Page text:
Extinction spectra of ThMo nanopatterns with d=180 nm, a=100 nm and circular (A), square (B), and triangular (C) NPs. Trends of the LSPR peak wavelength versus the refractive index of the medium achieved for ThMo investigated with different minimum interparticle distance a and circular (D), square (E), and triangular (F) NPs. In (B) and (E), the spectral response obtained by numerical simulations is reported in grey color.

Table 1:

FOM and bulk refractive index sensitivity (m) estimated for ThMo nanosensors investigated using the linear fit Δλs=mΔn.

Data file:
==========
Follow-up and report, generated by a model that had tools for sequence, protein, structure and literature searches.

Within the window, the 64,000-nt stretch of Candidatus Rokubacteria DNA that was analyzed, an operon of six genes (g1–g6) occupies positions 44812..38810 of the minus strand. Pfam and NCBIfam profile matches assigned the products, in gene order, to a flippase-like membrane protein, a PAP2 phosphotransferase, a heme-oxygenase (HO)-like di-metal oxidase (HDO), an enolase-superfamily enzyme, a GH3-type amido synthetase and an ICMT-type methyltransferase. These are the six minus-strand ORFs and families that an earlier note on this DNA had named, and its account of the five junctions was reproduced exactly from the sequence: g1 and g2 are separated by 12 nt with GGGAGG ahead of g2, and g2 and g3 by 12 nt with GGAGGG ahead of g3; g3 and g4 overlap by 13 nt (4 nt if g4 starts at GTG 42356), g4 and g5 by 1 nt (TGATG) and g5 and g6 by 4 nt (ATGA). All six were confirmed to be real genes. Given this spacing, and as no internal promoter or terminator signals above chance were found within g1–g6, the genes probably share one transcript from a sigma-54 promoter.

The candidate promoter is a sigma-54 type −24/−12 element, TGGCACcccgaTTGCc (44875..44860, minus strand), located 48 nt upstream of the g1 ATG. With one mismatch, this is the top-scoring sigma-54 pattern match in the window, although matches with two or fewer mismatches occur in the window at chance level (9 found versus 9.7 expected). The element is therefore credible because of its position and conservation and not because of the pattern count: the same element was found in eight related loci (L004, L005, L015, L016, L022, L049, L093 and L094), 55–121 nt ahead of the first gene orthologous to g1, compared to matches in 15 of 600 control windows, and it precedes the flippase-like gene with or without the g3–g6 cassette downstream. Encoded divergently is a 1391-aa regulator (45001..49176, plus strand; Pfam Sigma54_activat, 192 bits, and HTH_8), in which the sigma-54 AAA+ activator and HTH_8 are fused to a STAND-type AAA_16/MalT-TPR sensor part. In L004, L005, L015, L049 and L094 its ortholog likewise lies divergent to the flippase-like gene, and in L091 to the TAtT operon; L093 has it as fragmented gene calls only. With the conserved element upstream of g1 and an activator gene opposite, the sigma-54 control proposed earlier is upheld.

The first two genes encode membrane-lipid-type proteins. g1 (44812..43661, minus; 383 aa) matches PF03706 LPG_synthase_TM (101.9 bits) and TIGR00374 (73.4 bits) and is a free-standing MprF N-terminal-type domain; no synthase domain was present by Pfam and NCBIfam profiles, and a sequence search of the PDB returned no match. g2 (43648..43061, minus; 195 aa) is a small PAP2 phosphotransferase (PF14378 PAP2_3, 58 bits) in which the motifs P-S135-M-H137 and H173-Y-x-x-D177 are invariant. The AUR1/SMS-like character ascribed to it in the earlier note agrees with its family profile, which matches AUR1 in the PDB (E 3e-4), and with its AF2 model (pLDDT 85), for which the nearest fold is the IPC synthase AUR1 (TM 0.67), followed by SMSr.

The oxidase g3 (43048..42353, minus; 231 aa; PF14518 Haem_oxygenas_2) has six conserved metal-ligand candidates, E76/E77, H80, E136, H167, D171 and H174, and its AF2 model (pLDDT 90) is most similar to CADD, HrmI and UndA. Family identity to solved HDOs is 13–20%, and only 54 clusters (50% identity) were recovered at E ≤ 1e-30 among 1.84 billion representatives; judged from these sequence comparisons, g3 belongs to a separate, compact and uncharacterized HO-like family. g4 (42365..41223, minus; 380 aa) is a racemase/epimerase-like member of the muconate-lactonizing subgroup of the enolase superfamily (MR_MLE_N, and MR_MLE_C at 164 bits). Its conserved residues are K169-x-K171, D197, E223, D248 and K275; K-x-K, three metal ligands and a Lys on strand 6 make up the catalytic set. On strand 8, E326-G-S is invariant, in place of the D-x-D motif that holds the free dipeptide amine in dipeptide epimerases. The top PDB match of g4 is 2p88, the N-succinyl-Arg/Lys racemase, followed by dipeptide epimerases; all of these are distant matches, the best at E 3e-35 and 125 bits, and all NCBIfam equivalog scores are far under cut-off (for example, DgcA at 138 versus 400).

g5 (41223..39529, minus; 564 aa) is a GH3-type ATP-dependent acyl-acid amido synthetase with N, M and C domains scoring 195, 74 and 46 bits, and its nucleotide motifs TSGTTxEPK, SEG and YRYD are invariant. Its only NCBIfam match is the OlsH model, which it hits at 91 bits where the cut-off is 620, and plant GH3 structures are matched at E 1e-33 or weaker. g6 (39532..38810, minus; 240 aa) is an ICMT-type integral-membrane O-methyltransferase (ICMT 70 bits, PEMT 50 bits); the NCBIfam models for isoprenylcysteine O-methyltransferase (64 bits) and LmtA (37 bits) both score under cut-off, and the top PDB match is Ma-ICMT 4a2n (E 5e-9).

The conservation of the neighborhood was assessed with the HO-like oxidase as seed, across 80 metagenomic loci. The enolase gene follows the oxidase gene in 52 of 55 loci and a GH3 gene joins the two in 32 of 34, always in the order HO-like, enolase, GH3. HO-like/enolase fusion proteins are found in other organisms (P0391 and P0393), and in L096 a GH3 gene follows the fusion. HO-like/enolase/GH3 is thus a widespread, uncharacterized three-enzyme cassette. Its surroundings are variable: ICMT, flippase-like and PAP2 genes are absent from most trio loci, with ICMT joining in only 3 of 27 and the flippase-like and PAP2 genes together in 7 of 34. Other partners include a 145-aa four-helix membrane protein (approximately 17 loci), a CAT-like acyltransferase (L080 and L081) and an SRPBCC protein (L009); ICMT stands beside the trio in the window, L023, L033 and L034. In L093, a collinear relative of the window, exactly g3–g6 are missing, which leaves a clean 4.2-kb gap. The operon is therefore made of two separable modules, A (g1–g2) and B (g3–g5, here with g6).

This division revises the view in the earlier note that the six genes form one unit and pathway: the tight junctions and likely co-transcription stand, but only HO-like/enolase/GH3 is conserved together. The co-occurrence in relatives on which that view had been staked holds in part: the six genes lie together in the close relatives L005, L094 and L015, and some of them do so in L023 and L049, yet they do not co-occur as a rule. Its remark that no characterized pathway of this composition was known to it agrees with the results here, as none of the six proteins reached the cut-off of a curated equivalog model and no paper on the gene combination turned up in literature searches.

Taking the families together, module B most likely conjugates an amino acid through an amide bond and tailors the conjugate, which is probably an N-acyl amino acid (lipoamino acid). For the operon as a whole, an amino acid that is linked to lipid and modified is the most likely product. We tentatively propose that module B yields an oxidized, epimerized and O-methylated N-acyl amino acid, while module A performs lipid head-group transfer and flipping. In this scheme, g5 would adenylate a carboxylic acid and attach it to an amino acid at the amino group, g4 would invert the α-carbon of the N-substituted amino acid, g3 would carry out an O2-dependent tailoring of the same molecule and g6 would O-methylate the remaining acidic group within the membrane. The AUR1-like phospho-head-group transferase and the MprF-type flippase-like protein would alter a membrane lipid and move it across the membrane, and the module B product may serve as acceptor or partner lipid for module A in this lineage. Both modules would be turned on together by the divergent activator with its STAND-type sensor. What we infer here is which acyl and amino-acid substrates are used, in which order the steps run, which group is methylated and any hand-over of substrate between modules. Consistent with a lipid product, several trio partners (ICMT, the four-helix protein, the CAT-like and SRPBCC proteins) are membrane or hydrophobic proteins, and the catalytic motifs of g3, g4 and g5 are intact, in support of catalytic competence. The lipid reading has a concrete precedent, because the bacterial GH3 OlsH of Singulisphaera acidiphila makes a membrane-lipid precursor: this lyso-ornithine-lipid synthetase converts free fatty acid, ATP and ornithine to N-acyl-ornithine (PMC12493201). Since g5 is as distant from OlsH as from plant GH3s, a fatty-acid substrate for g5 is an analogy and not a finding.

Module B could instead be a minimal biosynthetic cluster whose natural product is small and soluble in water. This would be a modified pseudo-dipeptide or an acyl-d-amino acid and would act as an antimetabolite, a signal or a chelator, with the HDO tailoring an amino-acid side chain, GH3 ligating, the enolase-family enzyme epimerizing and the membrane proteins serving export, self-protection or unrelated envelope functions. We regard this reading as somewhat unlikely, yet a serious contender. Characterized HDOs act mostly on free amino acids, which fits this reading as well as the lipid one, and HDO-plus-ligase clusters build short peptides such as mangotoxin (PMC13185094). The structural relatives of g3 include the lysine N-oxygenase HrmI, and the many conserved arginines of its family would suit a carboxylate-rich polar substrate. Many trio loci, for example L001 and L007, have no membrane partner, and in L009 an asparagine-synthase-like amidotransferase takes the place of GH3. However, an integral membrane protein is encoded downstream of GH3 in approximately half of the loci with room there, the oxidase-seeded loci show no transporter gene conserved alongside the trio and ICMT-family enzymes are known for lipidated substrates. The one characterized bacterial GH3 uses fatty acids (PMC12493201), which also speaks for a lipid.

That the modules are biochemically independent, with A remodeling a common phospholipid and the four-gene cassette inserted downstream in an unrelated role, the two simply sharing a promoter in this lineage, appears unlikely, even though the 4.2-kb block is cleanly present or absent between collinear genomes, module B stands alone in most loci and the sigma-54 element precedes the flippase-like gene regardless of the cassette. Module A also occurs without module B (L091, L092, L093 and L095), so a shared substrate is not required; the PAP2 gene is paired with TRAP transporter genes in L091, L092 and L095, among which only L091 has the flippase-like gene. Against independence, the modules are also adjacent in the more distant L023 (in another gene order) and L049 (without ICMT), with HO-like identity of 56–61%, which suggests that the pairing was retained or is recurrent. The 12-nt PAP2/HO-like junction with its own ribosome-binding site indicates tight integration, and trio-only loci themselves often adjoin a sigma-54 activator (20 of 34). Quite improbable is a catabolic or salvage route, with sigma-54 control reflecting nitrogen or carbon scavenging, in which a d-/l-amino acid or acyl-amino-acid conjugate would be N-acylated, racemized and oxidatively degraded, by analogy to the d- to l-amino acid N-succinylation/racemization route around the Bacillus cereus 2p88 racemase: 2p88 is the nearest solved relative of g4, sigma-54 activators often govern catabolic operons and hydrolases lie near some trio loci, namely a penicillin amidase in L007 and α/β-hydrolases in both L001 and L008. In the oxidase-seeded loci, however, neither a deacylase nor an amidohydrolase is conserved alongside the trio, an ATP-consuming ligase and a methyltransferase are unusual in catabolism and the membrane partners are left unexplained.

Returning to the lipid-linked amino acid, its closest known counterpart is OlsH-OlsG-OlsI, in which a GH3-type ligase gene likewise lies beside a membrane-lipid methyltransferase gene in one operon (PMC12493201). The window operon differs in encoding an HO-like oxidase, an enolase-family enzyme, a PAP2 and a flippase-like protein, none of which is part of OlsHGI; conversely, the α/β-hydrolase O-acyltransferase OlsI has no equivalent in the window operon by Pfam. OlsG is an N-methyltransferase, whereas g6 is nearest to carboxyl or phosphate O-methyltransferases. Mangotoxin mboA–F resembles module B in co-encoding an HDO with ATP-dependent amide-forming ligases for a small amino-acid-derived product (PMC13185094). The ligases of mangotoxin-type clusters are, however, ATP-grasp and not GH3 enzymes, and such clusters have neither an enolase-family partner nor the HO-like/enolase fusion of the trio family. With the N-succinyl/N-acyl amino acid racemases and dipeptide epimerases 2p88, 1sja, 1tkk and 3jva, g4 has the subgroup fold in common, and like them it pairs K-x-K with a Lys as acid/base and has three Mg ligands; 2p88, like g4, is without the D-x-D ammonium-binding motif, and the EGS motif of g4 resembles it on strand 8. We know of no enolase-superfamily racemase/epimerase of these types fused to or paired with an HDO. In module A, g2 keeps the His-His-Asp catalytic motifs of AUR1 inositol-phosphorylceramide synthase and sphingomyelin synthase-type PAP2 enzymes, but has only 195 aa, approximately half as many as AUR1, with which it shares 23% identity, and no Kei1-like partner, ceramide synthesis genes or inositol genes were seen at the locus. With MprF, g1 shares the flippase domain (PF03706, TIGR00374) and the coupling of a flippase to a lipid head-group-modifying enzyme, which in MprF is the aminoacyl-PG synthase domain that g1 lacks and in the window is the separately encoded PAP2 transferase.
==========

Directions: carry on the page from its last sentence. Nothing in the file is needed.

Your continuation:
From the comparison between the near fields simulated (Figure 2) and experimental results, it is worth noting that we found higher experimental m values corresponding with field distributions that appear more uniform and less localized. In particular, FDTD simulations show clearly, as in regions far from the NPs where the near-field distribution is due mainly to the photonic coupling and to the multi-scattering process, that the field intensity for the three kinds of ThMo considered is higher in the case of NPs with square shape compared to those of the circular and triangular shapes. This achievement perfectly matches the trend of the experimentally measured sensitivity shown in Table 1. This agreement can be explained by referring to the unique optical interaction properties of aperiodic nanopattern. Due to the increased structural disorder, the aperiodic arrays are strongly coupled in both the plasmonic near-field regime (short-range coupling), which mainly determines the presence of hot-spot area between two near pillars, and the photonic diffractive one (long-range coupling), which essentially affects the field distribution in nanopattern regions far from the particles [63]. In particular, the efficient photonic coupling in aperiodic arrays, associated with their high number of in-plane multi-scattering processes, enables both enhanced field states that are spatially distributed over larger areas and higher photon dwelling times compared to periodic patterns where scattered photons easily escape from the surface. In fact, these characteristics improve the light-analyte interaction, enhancing the sensitivity of the system and making these types of patterns promising to develop advanced sensing devices.